Under the new requirements, the High Court must now refuse to provide a remedy where it appears “highly likely” that the outcome would not have been substantially different had the relevant conduct not occurred – unless exceptional public interest applies. 

In addition, when considering whether to grant permission to make an application for judicial review, the High Court may (and must if the defendant asks it to) consider whether the outcome would have been substantially different had the relevant conduct not occurred. The Court must refuse permission if it appears highly likely that it would not have been – again, unless exceptional public interest applies.

The above requirements amend and put into statute the existing discretion of the Courts to refuse permission or to provide remedies.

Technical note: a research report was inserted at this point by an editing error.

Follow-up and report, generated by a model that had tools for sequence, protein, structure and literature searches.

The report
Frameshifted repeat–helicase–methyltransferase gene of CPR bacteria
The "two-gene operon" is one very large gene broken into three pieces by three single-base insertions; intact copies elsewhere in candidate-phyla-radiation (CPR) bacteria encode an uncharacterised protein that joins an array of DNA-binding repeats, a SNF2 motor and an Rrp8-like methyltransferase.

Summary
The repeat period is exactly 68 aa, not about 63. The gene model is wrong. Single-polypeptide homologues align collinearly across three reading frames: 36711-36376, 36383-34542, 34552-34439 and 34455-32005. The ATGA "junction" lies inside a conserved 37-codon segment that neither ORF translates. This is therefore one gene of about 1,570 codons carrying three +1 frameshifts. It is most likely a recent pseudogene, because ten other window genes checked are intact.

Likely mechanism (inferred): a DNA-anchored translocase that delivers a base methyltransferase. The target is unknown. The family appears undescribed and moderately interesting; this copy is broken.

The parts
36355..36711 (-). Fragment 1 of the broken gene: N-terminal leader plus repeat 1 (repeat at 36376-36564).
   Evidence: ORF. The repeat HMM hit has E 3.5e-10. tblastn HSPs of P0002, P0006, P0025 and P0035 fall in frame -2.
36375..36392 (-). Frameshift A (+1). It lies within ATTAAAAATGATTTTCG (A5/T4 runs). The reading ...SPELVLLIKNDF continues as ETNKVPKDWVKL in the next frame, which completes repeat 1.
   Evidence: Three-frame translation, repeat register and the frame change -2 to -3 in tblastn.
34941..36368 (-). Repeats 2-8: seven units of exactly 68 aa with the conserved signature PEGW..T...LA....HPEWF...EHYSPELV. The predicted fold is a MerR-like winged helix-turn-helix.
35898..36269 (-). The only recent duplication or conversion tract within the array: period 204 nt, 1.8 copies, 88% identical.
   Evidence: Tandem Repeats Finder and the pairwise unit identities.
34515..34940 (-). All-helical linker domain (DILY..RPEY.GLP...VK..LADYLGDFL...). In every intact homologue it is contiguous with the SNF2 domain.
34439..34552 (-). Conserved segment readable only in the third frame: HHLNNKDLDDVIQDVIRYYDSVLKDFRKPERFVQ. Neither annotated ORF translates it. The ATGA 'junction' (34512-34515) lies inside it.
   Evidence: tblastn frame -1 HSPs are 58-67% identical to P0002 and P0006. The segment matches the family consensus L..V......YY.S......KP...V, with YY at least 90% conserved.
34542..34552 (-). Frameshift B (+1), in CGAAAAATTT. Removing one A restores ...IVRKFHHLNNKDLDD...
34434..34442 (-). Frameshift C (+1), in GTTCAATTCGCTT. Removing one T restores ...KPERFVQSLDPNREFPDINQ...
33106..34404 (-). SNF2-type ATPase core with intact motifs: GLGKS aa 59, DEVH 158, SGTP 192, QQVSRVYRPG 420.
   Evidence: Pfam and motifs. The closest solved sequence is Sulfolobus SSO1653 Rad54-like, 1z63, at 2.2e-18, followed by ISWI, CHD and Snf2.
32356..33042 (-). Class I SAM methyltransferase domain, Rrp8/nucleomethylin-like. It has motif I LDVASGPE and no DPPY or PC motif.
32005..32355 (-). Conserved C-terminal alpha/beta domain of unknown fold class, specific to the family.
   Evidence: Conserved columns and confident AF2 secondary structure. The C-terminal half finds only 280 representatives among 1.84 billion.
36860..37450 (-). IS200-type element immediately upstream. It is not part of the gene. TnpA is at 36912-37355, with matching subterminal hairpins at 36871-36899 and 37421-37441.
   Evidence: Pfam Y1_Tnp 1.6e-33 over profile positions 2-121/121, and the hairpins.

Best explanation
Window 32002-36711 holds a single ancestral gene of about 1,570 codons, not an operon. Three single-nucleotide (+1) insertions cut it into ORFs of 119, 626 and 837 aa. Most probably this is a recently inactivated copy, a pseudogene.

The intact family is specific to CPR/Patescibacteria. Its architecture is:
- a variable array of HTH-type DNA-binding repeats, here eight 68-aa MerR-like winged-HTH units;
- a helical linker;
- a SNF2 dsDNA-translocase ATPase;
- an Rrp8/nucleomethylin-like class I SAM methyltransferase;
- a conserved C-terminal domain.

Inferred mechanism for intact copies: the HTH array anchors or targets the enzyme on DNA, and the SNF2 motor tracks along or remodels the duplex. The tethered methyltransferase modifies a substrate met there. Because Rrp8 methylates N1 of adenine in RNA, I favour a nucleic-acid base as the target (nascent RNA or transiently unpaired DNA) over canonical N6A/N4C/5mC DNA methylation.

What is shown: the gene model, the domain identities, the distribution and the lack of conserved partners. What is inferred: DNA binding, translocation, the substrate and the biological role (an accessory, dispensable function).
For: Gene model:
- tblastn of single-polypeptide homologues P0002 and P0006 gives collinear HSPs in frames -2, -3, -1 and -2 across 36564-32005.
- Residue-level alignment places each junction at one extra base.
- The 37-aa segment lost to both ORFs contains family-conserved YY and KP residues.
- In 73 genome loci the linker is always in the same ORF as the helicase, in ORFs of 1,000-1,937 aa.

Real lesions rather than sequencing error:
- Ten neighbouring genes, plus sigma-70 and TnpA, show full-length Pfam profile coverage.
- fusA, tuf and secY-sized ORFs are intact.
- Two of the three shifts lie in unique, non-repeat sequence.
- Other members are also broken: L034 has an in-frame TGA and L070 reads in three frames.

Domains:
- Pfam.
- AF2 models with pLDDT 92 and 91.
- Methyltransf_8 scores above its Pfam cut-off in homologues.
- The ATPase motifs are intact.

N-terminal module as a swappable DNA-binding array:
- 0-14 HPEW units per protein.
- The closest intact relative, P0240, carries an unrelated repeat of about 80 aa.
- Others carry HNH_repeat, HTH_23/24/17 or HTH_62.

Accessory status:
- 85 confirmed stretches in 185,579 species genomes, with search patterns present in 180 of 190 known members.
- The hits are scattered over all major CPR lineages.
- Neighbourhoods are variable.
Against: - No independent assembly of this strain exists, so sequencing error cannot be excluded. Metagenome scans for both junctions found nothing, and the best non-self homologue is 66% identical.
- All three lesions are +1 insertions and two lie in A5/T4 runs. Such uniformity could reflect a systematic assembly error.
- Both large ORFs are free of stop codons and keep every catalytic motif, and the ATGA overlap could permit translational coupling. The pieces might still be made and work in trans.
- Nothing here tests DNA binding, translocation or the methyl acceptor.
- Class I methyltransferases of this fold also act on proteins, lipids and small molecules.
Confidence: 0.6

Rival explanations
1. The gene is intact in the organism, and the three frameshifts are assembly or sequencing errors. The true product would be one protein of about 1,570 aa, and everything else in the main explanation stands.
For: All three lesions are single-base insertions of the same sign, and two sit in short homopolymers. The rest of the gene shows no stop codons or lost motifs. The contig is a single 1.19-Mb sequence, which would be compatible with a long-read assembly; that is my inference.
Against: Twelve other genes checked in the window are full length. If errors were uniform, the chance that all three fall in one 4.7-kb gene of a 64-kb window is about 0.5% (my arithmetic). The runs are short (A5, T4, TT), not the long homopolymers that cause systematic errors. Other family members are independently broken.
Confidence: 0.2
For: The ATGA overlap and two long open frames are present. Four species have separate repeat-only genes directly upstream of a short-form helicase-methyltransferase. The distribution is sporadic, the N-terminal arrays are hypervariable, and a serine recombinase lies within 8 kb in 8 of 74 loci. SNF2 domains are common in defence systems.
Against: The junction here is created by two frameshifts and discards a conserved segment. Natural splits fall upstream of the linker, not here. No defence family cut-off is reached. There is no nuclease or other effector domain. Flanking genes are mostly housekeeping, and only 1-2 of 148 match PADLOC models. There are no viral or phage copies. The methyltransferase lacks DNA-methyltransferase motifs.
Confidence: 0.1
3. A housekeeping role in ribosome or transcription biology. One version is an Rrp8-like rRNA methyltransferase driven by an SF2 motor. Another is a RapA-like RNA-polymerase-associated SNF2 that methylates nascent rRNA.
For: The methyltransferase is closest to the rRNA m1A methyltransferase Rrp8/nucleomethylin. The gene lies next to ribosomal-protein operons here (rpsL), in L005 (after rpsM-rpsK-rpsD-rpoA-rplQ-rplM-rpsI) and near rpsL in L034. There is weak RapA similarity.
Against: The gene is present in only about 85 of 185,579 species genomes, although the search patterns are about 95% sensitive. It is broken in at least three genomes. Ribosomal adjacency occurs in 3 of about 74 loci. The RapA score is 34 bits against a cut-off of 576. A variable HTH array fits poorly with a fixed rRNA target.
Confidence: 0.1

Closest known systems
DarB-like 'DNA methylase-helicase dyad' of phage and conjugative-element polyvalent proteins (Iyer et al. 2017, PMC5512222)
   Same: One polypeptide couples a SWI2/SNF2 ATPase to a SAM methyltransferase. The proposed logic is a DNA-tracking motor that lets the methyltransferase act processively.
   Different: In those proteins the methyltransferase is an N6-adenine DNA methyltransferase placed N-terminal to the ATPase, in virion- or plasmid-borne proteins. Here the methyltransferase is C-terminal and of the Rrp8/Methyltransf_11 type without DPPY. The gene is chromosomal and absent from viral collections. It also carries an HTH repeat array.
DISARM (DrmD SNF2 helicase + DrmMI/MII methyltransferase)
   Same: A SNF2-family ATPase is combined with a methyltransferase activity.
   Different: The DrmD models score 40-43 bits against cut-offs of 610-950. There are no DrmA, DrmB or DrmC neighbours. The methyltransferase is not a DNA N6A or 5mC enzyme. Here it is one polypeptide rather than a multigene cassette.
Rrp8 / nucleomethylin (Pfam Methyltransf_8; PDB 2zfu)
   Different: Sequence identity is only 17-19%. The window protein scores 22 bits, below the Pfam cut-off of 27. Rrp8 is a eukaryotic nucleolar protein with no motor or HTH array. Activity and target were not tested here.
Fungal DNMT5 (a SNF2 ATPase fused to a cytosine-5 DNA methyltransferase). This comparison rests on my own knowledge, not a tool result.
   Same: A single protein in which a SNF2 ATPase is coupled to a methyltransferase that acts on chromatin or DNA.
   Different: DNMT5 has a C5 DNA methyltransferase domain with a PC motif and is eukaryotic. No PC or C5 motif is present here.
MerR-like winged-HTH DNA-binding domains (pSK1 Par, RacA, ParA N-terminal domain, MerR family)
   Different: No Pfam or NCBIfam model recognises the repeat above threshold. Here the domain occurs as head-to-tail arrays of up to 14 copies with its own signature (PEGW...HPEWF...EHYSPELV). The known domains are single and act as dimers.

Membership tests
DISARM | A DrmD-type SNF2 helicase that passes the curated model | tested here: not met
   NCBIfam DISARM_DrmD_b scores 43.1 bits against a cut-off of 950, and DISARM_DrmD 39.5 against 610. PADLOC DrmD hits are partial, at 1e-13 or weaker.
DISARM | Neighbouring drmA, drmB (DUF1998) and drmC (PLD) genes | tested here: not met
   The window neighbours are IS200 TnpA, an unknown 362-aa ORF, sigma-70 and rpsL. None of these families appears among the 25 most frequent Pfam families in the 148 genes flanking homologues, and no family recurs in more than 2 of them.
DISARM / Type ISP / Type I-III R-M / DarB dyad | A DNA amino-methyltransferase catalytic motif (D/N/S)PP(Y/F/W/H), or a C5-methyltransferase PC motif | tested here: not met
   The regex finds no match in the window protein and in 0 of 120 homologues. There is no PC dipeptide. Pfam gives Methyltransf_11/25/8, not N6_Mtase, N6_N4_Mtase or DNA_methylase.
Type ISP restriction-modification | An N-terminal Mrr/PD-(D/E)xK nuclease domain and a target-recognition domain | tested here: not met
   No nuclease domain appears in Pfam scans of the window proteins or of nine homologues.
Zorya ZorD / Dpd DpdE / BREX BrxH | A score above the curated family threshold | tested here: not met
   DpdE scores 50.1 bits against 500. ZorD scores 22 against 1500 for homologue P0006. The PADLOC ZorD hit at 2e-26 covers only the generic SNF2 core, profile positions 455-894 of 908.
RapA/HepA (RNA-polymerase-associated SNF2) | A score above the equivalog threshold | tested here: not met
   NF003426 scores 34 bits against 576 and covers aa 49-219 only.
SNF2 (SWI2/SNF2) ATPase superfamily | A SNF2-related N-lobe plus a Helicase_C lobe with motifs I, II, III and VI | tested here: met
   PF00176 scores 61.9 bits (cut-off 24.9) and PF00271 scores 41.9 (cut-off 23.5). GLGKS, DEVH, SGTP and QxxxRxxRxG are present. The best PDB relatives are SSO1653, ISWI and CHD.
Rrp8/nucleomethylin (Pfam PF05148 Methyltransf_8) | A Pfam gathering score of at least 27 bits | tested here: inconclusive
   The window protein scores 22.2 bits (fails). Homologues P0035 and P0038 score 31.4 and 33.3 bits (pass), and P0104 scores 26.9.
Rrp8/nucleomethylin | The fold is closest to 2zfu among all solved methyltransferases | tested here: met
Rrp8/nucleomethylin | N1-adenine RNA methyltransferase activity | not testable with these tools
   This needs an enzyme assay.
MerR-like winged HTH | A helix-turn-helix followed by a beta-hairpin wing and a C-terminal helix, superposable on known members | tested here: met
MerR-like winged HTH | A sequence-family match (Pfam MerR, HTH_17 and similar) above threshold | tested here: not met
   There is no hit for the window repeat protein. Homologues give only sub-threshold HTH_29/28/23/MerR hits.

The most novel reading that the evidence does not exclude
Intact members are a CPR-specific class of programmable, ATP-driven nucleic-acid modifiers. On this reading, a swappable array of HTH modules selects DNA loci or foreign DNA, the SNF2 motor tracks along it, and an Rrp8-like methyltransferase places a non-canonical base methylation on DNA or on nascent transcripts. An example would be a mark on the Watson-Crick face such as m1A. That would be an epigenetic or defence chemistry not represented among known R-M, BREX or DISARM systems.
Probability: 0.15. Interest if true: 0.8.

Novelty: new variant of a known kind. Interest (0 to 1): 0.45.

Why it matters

An intervener is a party who voluntarily applies to become involved in a judicial review in the High Court or Court of Appeal. Under the new requirements, unless exceptional circumstances apply, the presumption is that such interveners should bear their own costs. 

The Court must order the intervener to pay a party’s costs resulting from the intervention if one of the following apply (again save in exceptional circumstances):

  • the intervener has essentially acted as the sole or principal applicant, defendant, appellant or respondent or has behaved unreasonably; or
  • as a whole, the intervener’s evidence and representations have not been of significant assistance to the court or a significant part of such evidence and representations relate to matters which are not necessary for the courts to consider.

Careful thought is required by potential interveners as to the risk of incurring costs before proceeding.


Finally, the challenge periods for certain planning related challenges (including challenges to development consent orders) have been harmonised and now commence from the date after the date of the decision.